I’m writing this particular entry in the spirit of sharing (well as much as I can) and in the interests of ongoing learning and how ‘human factors’ can change the way we behave …
In August I was planning a series of circuits on a reasonably nice sunny day .. can’t particularly remember the wind but it was one of those nice days to get some circuits in and perhaps some higher work.
Checked out for an initial couple of circuits and duly took off on runway 26 banking out over Corbiere lighthouse and into the downwind and a hold at Noirmont as there was something bigger on approach. A couple of holds and then, with the newly devised ATC (neat solution to slow flying aircraft) was advanced to hold over St Aubins Fort .. which then leaves me only a short curving descent to finals.
As I broke out of the numerous tight turns over Noirmont I felt some slight vibration through the stick. Nothing massive .. but definitely a little something … checked all the gauges … RPM, CHT, Pressure, EGT all looking good so wasn’t really sure if I HAD felt it or it was something …
Slightly distracted by it .. but continuing the FIRST 2 bits of the aviation adage of Aviate, Navigate, Communicate …. I pulled out of the turn and routed towards the Fort over St Aubins bay … whilst still playing with different throttle settings to see if I could narrow down what was happening …
At this point … ATC were still thinking I was coming in for a Touch and Go and into the circuit .. as I hadn’t advised of anything …. Not Good news ..
A few more orbits and I was cleared to final .. so the vibration had been in evidence for around 2-3 minutes … rolled out eased back on the throttle and things seemed to settle so I lined up for final but declared that this would b to land … still hadn’t advised anyone outside the cockpit of why .. ‘this would be to land’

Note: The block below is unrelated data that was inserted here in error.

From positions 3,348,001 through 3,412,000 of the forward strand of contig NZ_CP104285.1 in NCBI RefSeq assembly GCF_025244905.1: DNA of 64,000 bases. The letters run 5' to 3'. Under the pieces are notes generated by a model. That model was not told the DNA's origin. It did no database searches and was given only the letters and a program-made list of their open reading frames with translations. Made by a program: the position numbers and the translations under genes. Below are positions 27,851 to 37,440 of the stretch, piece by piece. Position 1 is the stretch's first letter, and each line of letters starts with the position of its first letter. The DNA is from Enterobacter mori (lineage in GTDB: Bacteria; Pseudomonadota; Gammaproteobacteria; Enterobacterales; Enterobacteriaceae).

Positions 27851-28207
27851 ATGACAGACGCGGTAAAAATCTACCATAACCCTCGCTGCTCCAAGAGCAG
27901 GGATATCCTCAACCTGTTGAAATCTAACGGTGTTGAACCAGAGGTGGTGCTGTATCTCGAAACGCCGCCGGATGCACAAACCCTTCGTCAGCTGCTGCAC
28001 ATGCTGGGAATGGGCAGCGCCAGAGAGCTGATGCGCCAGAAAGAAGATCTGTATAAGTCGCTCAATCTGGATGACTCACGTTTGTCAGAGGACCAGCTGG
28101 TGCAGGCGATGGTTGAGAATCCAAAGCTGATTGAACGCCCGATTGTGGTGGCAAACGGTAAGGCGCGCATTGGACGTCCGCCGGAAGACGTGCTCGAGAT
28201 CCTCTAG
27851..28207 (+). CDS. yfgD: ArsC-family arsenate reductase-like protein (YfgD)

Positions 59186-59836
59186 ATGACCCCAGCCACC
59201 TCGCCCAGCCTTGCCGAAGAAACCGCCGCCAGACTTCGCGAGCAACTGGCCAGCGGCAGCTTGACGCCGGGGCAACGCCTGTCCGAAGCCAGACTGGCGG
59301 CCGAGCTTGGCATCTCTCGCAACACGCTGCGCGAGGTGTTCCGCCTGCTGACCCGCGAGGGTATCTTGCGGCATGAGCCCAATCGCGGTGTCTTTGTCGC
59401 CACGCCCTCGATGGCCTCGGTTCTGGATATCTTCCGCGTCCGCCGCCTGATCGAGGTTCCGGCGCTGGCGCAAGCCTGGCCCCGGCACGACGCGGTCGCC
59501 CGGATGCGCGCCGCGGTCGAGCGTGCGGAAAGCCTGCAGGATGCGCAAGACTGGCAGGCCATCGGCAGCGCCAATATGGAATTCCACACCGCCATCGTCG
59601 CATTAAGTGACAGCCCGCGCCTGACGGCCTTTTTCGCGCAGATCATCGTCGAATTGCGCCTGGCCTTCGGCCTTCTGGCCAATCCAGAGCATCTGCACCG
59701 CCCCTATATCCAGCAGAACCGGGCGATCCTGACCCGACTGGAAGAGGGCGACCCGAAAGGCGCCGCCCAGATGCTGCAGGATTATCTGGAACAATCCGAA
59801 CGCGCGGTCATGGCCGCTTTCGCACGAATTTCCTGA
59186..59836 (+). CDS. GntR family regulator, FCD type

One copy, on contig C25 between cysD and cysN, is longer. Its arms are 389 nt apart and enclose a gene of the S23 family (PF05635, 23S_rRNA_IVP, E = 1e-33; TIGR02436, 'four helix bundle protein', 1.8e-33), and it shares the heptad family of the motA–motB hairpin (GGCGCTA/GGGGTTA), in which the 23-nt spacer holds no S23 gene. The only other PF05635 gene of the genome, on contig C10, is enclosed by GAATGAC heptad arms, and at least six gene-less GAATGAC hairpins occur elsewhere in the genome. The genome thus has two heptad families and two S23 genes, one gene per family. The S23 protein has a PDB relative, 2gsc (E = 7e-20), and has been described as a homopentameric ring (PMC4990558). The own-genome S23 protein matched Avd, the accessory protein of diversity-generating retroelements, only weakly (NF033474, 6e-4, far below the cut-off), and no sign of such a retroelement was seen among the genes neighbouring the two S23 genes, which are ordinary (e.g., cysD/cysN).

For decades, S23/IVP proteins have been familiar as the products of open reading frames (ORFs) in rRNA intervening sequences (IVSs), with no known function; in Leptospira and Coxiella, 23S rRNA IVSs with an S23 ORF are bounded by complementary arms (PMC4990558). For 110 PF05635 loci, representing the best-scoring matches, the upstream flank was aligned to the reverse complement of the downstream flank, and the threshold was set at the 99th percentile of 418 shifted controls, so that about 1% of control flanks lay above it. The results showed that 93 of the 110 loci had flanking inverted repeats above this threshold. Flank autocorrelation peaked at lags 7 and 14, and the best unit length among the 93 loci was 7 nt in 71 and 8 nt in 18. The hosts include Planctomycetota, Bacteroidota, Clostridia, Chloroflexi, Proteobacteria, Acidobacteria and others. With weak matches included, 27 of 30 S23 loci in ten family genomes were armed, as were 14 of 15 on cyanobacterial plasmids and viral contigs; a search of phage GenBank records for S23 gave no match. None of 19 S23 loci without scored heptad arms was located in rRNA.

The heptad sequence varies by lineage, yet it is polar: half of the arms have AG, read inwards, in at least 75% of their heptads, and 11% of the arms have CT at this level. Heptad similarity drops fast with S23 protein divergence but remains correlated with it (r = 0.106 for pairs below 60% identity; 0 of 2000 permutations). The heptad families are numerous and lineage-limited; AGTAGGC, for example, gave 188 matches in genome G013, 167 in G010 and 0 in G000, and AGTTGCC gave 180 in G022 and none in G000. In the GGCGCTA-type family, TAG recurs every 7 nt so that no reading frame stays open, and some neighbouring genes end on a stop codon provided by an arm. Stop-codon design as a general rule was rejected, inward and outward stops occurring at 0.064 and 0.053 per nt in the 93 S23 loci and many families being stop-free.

On landing .. usually really short and exit first taxiway .. I taxied into the club and pulled up outside the hanger and, brakes on, tried various throttle ranges and could feel the vibration at higher revs .. still all engine settings read absolutely fine .. so shut down to investigate.
As I climbed out and walked to the front … I saw the nosecone was pretty much in bits ! First thought was that I’d hit a bird over Norimont at around 800’ when I first felt the vibration.
I immediately called the tower to advise … not really knowing HOW or WHERE it happened but at least I now knew the WHAT. A sequence of events then happened which will be mentioned in a joint talk that ATC have asked me to co present with them in November.
Suffice to say from my perspective … there are a number of ‘Human factors’ that come to play.
- I advised ATC that I ‘thought’ I had all the bits … was that wise without a full longer time checking ?
- Would that ‘lead’ people to assume I was correct
- I didn’t call ATC as soon as I felt the vibration
- Why ? ..
- True I was more intent on flying the problem if indeed it was a problem
- Did I feel that I didn’t want to say that the little home built was having an issue .. so a bit of pride perhaps creeping in ?
- Did I feel that I didn’t want to upset the smooth running of the airport .. partially yes .. I felt the ‘situation’ didn’t warrant it … I didn’t feel in immediate danger .. but perhaps I should … let’s face it .. you are after all over a fair bit of sea
- Also .. I’m not the only one affected by ME having a problem .. as the review identified
- Should I have shared the problem with ATC immediately .. Hell yes …
- If I’d known (what I NOW know would be their reaction .. post my de briefing) would I have behaved the same way ?
- Their reaction would be to hit the button … get crash crews at the end of the runway … clear any approaching aircraft out of the way by go around .. this also includes, because of where I was, a fire truck scrambled from town ! I guess in case I come down and don’t make the field ….
- knowing all that .. would I be (more) reticent to make that call and inform ATC … probably yes if I’m honest … but the answer should be a BIG FAT NO
- Talking all this through with Jersey ATC and understanding the knock ons that came out of this was a good learning exercise (for all)
- How would I react to being told to go around to help a sick aircraft get in … INSTANT acquiescence of course …. would everyone ..
This left a very small piece of debris on the runway … small, flat, about 2” round fibreglass…. any delay in retrieval of that is not good … advising early and letting people decide what actions to follow is the best course of action..
In the end .. this incident caused a number of knock on learnings and reviews of documentation and procedures … all of which will ultimately make all our (flying) lives safer …
Would I do things differently next time .. YES of course …